How to Develop a Commercial Real Estate Offering Memorandum

Among the various flyers and brochures you need to run your business, none are so closely tied to new revenue as thecommercial real estate offering memorandum. Sure, your marketing brochures and other materials establish your brand and generally provide an overview of your business. But, an offering memorandum, which are typically used for properties that are for sale as an investment opportunity, put the prospective client closer to what it is you are selling more than any other document. It needs to provide all of the facts and information a client needs to move closer to a purchase decision.

Not only does a commercial real estate offering memorandum have to tell about your company and your offering, it also has to instill confidence in the client. Afterall, one of the things you're likely goingGettyImages-516718614.jpg to ask the client to do, as you hand them the offering materials, is sign a confidentiality agreement – a legal document, that means they need to feel confident. Also, keep in mind that this may be the first time a prospective buyer or investor is viewing an offering from your company, so the value of a professionally created document is paramount. With this, you'll quickly establish credibility and convey key points with solid visuals and informative content.

If you have hired a commercial real estate marketing agency, they will do the heavy lifting in creating your offering memorandum. After doing a thorough review of your company and your offering they will then create the document. Although every offering memorandum is obviously customized, there are some elements of both design and content that you should be on the lookout for.

You've worked hard on your company branding. Don't miss the opportunity to re-enforce this in your offering memorandum. Doing so will differentiate you from the competition and help to established consistency. Commercial real estate marketing is about building and maintaining on-going relationships, so make sure your company personality comes through. Stick to your brand colors, typefaces, writing style and approved versions of your company logo.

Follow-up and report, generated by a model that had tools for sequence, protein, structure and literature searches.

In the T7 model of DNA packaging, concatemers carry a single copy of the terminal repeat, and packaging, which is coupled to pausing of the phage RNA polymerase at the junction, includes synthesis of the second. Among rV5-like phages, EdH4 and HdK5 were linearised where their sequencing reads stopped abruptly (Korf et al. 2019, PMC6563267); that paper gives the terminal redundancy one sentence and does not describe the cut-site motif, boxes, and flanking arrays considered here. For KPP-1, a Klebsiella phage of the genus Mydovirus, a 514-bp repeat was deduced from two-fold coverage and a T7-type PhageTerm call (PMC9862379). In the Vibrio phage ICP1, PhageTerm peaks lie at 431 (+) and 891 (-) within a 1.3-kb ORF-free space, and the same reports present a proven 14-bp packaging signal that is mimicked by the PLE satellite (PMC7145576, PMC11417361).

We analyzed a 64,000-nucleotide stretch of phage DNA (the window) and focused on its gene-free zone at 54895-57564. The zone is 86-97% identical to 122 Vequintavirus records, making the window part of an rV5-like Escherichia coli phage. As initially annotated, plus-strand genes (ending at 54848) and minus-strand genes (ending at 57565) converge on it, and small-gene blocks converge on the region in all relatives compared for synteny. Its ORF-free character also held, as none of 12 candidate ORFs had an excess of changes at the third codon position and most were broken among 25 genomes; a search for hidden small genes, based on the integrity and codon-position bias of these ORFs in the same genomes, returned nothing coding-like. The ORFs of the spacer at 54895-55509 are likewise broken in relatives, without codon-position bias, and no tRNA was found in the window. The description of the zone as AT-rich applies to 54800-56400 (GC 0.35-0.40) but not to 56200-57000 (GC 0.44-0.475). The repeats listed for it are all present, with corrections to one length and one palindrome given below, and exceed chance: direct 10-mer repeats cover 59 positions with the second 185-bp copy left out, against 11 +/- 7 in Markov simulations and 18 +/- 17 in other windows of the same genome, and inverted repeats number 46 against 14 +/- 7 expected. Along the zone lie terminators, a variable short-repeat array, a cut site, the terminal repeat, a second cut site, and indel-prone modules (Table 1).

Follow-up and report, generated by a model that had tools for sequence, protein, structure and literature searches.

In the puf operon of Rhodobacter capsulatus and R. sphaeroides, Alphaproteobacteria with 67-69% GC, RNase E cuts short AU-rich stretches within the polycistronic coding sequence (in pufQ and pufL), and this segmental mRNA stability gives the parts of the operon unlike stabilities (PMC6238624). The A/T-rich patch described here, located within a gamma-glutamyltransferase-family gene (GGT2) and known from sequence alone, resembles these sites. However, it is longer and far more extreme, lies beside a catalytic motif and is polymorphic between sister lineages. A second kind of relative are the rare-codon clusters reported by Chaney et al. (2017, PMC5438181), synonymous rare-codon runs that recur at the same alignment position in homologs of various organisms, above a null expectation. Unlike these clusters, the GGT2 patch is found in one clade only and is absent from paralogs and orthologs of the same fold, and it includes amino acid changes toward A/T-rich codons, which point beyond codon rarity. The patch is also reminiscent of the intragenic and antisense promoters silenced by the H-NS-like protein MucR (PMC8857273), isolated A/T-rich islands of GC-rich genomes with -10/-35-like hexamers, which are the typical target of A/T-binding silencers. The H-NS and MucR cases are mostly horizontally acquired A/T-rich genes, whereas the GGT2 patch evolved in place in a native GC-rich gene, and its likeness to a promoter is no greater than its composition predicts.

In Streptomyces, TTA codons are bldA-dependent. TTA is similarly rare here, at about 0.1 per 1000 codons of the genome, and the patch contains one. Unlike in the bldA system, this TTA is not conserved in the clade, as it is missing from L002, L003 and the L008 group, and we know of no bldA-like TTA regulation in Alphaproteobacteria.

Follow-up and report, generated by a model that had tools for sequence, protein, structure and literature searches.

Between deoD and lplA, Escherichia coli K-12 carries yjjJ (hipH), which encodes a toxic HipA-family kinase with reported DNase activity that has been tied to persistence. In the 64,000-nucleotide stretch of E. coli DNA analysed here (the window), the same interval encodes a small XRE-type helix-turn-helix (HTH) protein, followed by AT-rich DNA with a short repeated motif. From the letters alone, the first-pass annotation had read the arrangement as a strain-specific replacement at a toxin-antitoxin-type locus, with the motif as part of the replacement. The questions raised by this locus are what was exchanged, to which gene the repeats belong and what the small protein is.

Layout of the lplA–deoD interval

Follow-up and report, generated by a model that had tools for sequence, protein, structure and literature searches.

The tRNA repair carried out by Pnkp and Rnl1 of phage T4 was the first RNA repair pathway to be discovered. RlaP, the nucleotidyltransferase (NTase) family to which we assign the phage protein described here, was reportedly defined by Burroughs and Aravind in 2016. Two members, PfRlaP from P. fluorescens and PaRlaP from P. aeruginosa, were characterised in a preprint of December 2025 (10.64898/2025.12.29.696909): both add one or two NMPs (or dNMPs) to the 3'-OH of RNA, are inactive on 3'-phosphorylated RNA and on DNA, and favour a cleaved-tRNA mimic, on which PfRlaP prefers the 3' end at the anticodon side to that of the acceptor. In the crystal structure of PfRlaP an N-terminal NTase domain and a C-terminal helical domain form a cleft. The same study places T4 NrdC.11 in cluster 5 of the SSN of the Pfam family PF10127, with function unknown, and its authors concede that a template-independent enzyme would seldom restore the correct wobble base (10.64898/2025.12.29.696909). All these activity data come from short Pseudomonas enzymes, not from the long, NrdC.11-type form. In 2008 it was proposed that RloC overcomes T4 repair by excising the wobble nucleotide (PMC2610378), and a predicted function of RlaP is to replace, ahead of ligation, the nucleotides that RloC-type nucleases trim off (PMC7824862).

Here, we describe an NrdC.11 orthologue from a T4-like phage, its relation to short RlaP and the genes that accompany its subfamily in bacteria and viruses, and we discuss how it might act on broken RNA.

Table of Contents
Buyers and investors are busy people. Instinctively, you probably already know that. So, don't make them weed through an entire memorandum if they just want to see your recent track record or skip right to the financials. You're proud of your offering and the materials, but you'll be even prouder when you make a client happy because they were able to quickly find the information they required.

Keep it light
Clients don't want to read a sea of text in order to get to the information they need. Lighten up the copy and include only what is most important – you can skip most of the fluff. Use bullet points where appropriate, keep font size large enough to be easily read by everyone and focus on creating white space. This airiness will convey an openness and show that you're not hiding anything.

Ditch the phone cam
There's no doubt that phone cams today are great. And, while professionals are using them to create art and produce movies, typically they are not the best option for photographing your properties. Hire a professional photographer who will create attention getting visuals. These photos will impress readers, but will also be easily editable for inclusion in your email marketing, direct mail and other company collateral. While you have the photographer hired, don't forget to ask him to capture aerials, surrounding neighborhoods and detail images.

Location, location, location is pretty much a hallmark of the commercial real estate industry, if not just a bit cliché at this point. But, reality is, that people want to see where they are buying or investing. Show the location of your property by incorporating a clear, easily readable map. Customize the map to illustrate highlights like access to major thoroughfares, shopping areas or proximity of major competitors.

Show'em the money - clearly
Let's face it, when you get right down to it, most buyers and investors are going to be keenly interested in the financials above just about all else. Be sure to present this information so that it is consistent with the overall look and feel of the document. Financial statements of any kind should NOT look like an SEC filing. They should be clear, skimmable and easily interpreted by the reader. Back to that idea of confidence, a prospective client should be able to look at the financial statements and walk away feeling good about the decision they are going to make.

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